In a busy week for the European Securities and Market Authority (ESMA), the financial regulator announced it will spend the next 15 months reviewing the inroads made by specialist exposures such as commodities and crypto into the respected UCITS framework.
The news followed a letter from the European Commission instructing ESMA to gather data on the extent to which UCITS vehicles have been gaining direct and indirect exposure to more niche asset classes, resulting in “divergent interpretations” and “risk for retail investors”.
Currently, there are more than 10 commodity ETFs in Europe from issuers including BlackRock, DWS, UBS Asset Management, WisdomTree and Legal & General Investment Management (LGIM) sporting the UCITS badge.
This is possible given they comply with 2013 Guidelines on ETFs stating commodity indices must be at least as diversified as equity benchmarks – which is the case given most commodity baskets capture at least 25 exposures.
The ETFs also provide these exposures by tracking swaps rather than futures contracts, with the latter carrying the risk of potential margin calls.
In crypto, the debate around whether the asset class is or is not UCITS is far more fragmented.
There is currently no crypto UCITS ETF and although some diversified crypto baskets might satisfy most of the written rules of UCITS, regulators such as the Central Bank of Ireland (CBI) and Luxembourg’s Commission de Surveillance du Secteur Financier (CSSF) would not treat the asset class as UCITS compliant as they deem it unsuitable to be used by all types of investors.
Shane Coveney, partner at Dillon Eustace, also noted the CBI also observes significant liquidity, credit, margin, operational, money laundering, legal, reputational and even terrorist financing risk involved in digital assets.
He added while crypto indices can contain a suitable number of components to meet the quantitative rules of UCITS, the CBI and others may not be satisfied on the diversified nature of these exposures given the performance of the entire asset class is highly correlated.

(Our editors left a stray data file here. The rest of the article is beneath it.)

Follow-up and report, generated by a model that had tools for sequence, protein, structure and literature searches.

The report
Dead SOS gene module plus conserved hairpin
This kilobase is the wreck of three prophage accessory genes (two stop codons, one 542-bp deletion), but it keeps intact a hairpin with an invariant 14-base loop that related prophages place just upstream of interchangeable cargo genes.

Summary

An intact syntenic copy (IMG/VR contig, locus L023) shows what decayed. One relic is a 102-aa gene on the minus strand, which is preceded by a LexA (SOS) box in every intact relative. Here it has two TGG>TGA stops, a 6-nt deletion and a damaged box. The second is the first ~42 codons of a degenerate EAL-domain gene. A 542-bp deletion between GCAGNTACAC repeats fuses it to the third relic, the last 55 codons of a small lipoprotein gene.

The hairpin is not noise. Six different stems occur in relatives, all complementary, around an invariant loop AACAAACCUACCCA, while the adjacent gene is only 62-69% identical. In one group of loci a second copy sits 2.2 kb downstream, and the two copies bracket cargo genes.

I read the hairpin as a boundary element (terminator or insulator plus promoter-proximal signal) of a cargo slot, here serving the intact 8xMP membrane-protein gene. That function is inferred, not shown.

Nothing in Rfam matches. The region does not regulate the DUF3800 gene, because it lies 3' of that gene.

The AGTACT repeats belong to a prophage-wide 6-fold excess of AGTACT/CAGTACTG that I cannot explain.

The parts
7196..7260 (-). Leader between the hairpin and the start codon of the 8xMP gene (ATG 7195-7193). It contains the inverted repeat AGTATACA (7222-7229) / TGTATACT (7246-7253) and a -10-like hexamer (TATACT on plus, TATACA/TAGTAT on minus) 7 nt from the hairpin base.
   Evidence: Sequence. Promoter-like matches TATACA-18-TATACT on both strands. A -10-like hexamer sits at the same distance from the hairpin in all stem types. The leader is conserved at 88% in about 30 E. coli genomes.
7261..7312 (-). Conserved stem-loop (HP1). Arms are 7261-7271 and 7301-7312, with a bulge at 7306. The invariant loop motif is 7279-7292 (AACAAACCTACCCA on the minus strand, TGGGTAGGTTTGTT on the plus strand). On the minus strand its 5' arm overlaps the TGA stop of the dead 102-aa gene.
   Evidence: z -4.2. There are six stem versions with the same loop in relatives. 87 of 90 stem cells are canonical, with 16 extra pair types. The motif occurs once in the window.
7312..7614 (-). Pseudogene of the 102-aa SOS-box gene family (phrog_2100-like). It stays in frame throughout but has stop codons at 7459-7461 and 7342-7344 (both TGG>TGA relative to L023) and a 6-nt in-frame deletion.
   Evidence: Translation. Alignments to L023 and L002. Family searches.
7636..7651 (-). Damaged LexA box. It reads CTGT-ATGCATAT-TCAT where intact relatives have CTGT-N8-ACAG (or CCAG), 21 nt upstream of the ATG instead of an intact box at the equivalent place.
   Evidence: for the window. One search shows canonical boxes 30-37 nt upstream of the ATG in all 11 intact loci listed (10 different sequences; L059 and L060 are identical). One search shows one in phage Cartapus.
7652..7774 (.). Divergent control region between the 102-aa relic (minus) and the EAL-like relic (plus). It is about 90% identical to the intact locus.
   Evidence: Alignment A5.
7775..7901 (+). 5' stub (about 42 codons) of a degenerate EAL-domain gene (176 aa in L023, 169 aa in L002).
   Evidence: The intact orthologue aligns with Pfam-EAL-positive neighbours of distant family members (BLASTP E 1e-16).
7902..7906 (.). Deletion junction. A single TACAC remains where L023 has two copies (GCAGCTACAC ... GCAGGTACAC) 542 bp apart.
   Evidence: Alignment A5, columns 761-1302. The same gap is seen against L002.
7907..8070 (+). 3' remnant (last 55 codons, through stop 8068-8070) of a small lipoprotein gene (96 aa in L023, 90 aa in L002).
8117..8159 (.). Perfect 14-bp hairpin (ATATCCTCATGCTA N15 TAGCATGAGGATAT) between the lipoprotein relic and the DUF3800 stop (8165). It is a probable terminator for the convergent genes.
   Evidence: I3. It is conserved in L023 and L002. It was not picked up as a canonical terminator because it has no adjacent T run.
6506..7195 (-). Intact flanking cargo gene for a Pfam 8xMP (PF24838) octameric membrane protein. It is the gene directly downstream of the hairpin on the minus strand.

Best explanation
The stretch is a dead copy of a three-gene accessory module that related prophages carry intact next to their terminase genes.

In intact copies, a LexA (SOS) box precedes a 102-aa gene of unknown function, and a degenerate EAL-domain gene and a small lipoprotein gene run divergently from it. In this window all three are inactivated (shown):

However, the Spanish Comision Nacional de Mercado de Valores (CNMV) allows UCITS collective investment schemes to have exposure to financial instruments linked to the performance of crypto, provided they do not embed derivatives such as exchange-traded notes (ETNs).
Meanwhile, German regulator BaFin allows UCITS funds to access crypto in ETN format via the delta one exemption on transferable securities, on the same rationale that allows funds to access gold via exchange-traded commodities (ETCs).
Townsend Lansing, head of product at CoinShares, previously said it could be a few years before crypto is viewed as tried and tested enough to be deemed UCITS compliant by the CBI and CSSF.
After a year of delay, Jacobi Asset Management will soon launch Europe’s first bitcoin ETF via the unique legal framework of the Guernsey Financial Services Commission (GFSC).
Notably, the product will carry the ‘ETF’ badge but like its existing ETN peers, it is not a UCITS fund, meaning it does not enjoy the same passporting regime, the investor protection framework or regulatory oversight as traditional European-listed UCITS ETFs.
In fact, it is far less accessible than existing ETNs. It is an alternative investment fund (AIF), meaning it is not available for general public distribution.
Guernsey is also a 'third country' to the EU, meaning the product does not benefit from EU AIF passporting rules. In turn, each country it is sold into is on a private placement basis.
This week also saw coverage of a record-breaking H1 for fixed income ETFs in Europe, with the product class amassing €31bn inflows in just six months, according to data from Morningstar.
Not only did this surpass the previous record of €30.6bn in 2019; it also saw assets in bond UCITS ETFs surge 5.9% as a whole to €348bn.
After a decade of underweighting bonds, more hawkish central bank policy has seen investors return to fixed income in a hunt for higher yields.
Jose Garcia Zarate, associate director for passive strategies at Morningstar, said: “Now there is attractive yield to be found in safer areas of the bond market and investors who have been underweighted in fixed-income for a prolonged period are now redressing the imbalance by buying government and investment-grade corporate bonds.”
The Bloomberg US Aggregate Bond index is now yielding close to 4.7%.
A prolific week for Invesco
US giant Invesco was active this week, launching two ETFs in a single day.
One was the Invesco Nasdaq-100 Equal Weight UCITS ETF (IEWQ), which saw the issuer offer an equal-weight alternative to its flagship ‘QQQ’ strategy.
The launch also coincides with Nasdaq announcing its first ever ‘special rebalance’ of its headline index, with the top 10 large tech constituents now comprising 60% of its overall weight.
On the same day, Invesco launched the Invesco Dow Jones US Insurance UCITS ETF (INSU), Europe’s first US insurance ETF.
Its underlying Dow Jones US Select Insurance index captures 56 US companies involved in full-line, property, casualty and life insurance – and is only tracked by one other ETF listed in the US.